Article published in:Linguistics in the Netherlands 2012
Edited by Marion Elenbaas and Suzanne Aalberse
[Linguistics in the Netherlands 29] 2012
► pp. 41–54
Neuter gender in a sexless language
The case of Zulu
In some Germanic languages, neuter gender is used both as a lexical gender and for certain grammatical functions, while in Romance languages, neuter gender is only employed for grammatical functions. Zulu, a Bantu language, has a much more elaborate noun class system than those languages, but one not rooted in sex or animacy as in Germanic or Romance. However, it is shown that Zulu noun class 17 is used for the same range of grammatical functions as neuter gender in Indo-European. Specifically, Indo-European neuter gender and Zulu class 17 are used when the referent has no specific noun class properties, for expletive subjects, and as the subject of nominal predication, even when the referent is human. Aside from its use in some languages as a gender for nouns, then, neuter gender can be understood as a cluster of grammatical functions, independently of the way the lexicon is organized.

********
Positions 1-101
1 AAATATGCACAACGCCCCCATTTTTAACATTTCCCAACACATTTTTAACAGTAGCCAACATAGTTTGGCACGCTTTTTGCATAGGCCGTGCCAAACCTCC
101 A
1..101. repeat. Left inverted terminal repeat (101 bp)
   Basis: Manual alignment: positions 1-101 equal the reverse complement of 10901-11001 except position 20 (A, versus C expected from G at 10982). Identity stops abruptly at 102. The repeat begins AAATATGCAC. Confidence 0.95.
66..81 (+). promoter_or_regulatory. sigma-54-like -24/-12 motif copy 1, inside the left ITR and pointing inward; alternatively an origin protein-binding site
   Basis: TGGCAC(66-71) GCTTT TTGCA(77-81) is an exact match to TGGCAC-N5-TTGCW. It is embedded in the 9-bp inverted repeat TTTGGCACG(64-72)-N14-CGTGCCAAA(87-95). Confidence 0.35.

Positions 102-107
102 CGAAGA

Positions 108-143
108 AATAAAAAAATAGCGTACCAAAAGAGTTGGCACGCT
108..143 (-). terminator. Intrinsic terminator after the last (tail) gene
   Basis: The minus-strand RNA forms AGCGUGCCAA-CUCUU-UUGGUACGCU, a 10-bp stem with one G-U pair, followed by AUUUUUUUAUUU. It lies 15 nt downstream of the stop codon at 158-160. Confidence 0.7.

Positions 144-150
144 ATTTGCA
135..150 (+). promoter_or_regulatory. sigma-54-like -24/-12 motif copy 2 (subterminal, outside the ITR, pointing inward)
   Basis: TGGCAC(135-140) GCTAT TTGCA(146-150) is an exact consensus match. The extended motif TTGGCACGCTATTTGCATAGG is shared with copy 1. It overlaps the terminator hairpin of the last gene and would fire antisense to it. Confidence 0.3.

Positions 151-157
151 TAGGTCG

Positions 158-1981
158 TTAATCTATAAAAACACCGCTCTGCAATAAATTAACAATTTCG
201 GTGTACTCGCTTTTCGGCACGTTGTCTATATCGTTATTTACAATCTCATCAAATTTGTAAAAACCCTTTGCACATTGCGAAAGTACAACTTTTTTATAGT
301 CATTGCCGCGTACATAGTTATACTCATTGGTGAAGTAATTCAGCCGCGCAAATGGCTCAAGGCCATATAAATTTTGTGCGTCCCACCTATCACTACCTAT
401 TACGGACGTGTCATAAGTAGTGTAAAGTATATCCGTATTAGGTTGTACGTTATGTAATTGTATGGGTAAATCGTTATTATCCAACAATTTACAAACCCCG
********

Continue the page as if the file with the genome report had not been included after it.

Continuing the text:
Keywords: neuter gender, nominal predication, noun class systems, lexicon, neutral agreement
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Published online: 02 November 2012